Handicapping Your MBA Odds

He’s a 26-year-old African American in a leadership rotational program at a leading corporation. With a 710 GMAT and a 3.1 grade point average, he believes an MBA degree will help him achieve his goal of becoming a senior executive in a Fortune 100 company.

An Eagle Scout, this 27-year-old software engineer at General Dynamics had led several technical teams on critical assignments. With a 720 GMAT and a 3.7 GPA, he wants an MBA to assist his transition into technology consulting.

He’s a professional rock climber who has scaled many big peaks in the Himalayas. A market research analyst on the clean tech industry for Bloomberg, this 26-year-old is hoping the MBA degree will allow him to transition to a top strategy consulting job.

Sandy Kreisberg, HBS Guru, in Harvard Square

What these MBA candidates share in common is the goal to get into one of the world’s best business schools. Do they have the raw stats and experience to get in? Or will they get dinged by their dream schools?

Sanford “Sandy” Kreisberg, founder of MBA admissions consulting firm HBSGuru.com, is back again to analyze these and a few other profiles of actual MBA applicants who have shared their vital statistics with Poets&Quants.

As usual, Kreisberg handicaps each potential applicant’s odds of getting into a top-ranked business school. If you include your own stats and characteristics in the comments, we’ll pick a few more and have Kreisberg assess your chances in a follow-up feature.

(Please add your age and be clear on the sequence of your jobs in relaying work experience. Make sure you let us know your current job.)

Sandy’s tell-it-like-it-is assessment:

Mr. Fortune 100

  • 710 GMAT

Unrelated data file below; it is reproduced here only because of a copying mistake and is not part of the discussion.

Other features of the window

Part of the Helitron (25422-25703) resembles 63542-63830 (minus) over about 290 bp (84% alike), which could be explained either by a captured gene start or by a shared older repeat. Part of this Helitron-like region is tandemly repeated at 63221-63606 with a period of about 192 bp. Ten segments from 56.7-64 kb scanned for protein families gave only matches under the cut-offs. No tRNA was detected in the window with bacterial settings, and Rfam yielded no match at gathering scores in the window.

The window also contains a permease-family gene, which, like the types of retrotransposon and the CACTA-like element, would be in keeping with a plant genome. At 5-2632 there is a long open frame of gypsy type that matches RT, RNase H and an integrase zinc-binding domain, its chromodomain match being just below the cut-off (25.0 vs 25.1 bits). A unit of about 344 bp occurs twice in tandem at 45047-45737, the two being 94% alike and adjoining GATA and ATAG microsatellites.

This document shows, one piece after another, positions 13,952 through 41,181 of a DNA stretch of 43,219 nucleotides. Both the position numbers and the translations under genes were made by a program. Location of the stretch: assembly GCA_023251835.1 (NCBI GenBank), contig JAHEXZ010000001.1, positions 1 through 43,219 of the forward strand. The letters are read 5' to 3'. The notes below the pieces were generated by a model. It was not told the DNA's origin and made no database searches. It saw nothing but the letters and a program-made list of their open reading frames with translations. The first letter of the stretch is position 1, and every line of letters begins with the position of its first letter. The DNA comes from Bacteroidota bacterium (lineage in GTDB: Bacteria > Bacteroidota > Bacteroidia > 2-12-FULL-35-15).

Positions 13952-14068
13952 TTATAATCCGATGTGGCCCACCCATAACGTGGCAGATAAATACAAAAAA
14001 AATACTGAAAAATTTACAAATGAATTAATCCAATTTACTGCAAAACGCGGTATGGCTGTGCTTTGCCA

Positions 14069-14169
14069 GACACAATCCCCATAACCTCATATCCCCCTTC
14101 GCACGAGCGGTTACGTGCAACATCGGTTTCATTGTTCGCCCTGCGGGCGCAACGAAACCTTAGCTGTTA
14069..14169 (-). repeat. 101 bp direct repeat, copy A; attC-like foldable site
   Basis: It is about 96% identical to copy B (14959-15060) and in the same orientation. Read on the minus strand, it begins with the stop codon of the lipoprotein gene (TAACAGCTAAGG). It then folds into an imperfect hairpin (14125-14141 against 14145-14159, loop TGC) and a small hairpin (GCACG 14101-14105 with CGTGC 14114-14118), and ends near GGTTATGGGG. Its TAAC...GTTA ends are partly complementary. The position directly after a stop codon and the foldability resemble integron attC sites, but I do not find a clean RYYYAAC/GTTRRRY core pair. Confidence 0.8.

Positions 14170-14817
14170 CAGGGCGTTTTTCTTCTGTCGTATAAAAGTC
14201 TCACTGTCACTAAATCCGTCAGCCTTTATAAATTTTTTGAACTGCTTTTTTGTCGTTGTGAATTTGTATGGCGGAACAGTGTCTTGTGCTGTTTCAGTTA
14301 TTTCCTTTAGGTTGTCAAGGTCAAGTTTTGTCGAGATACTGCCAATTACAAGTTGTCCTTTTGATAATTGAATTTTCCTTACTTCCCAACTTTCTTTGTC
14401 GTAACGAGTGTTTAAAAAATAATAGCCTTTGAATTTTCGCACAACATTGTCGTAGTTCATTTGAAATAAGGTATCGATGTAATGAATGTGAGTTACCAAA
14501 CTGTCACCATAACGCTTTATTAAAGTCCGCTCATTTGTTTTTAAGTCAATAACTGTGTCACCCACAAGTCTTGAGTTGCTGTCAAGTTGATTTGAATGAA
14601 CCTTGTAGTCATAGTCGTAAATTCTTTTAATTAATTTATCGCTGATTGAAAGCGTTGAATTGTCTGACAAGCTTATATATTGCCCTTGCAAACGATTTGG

• 3.71 GPA
  • Undergraduate degree in business and accounting from a private liberal arts college
  • Work experience includes three and one-half years in a leadership rotational program at a Fortune 100 company; in such areas as financial planning & analysis, corporate accounting and treasury
  • Extracurricular involvement as a mentor to high school seniors; led a finance workshop for minority teens
  • Goal: To become a senior executive in a Fortune 100 corporation; also “would like to improve the financial literacy of the entire free world”
  • 26-year-old, African-American male, first generation college graduate

Odds of Success:

Harvard: 40+%
Stanford: 35+%
Wharton: 45+%
Chicago: 50+%
Kellogg: 50+%
Carnegie Mellon: 60+%
Michigan: 60+%
Columbia: 50+%
New York: 60+%

Sandy’s Analysis: Hey buddy, this one is easy since you touch all the stations of the cross: GPA (3.71)-GMAT (710)-Fortune 100 Rotational Program and Fortune 100 Job (after that)-Black-Do Gooder.

Guys like you get admitted and dinged at HBS and Stanford depending on serviceable execution and recommendations, and not screwing up the interview at HBS.  As noted here often, the Stanford interview barely counts and was implemented as outreach to their under-employed alums (who do them)  and because candidates wanted it — so a two-fer for the adcom,  with nobody interviewing nobody as far as they are concerned.

You are also strong at Wharton although the interview process there is slightly more serious. The new “Zen” HBS app is a gift to you since you can use your financial literacy campaign as one answer and then come up with some “work” story for the other. I’d combine the first-gen college angle into the financial literacy story. At schools like Chicago, Kellogg, Tepper, Ross, Columbia it should just be a matter of convincing them you want to come.

“Universal financial literacy” is a great banner to fly, though I would not make it the centerpiece of your long-term goals. All that said, you got a solid and tight story and if your Fortune 100 company gets behind you with detailed and enthusiastic recommendations, you should have great success in this process.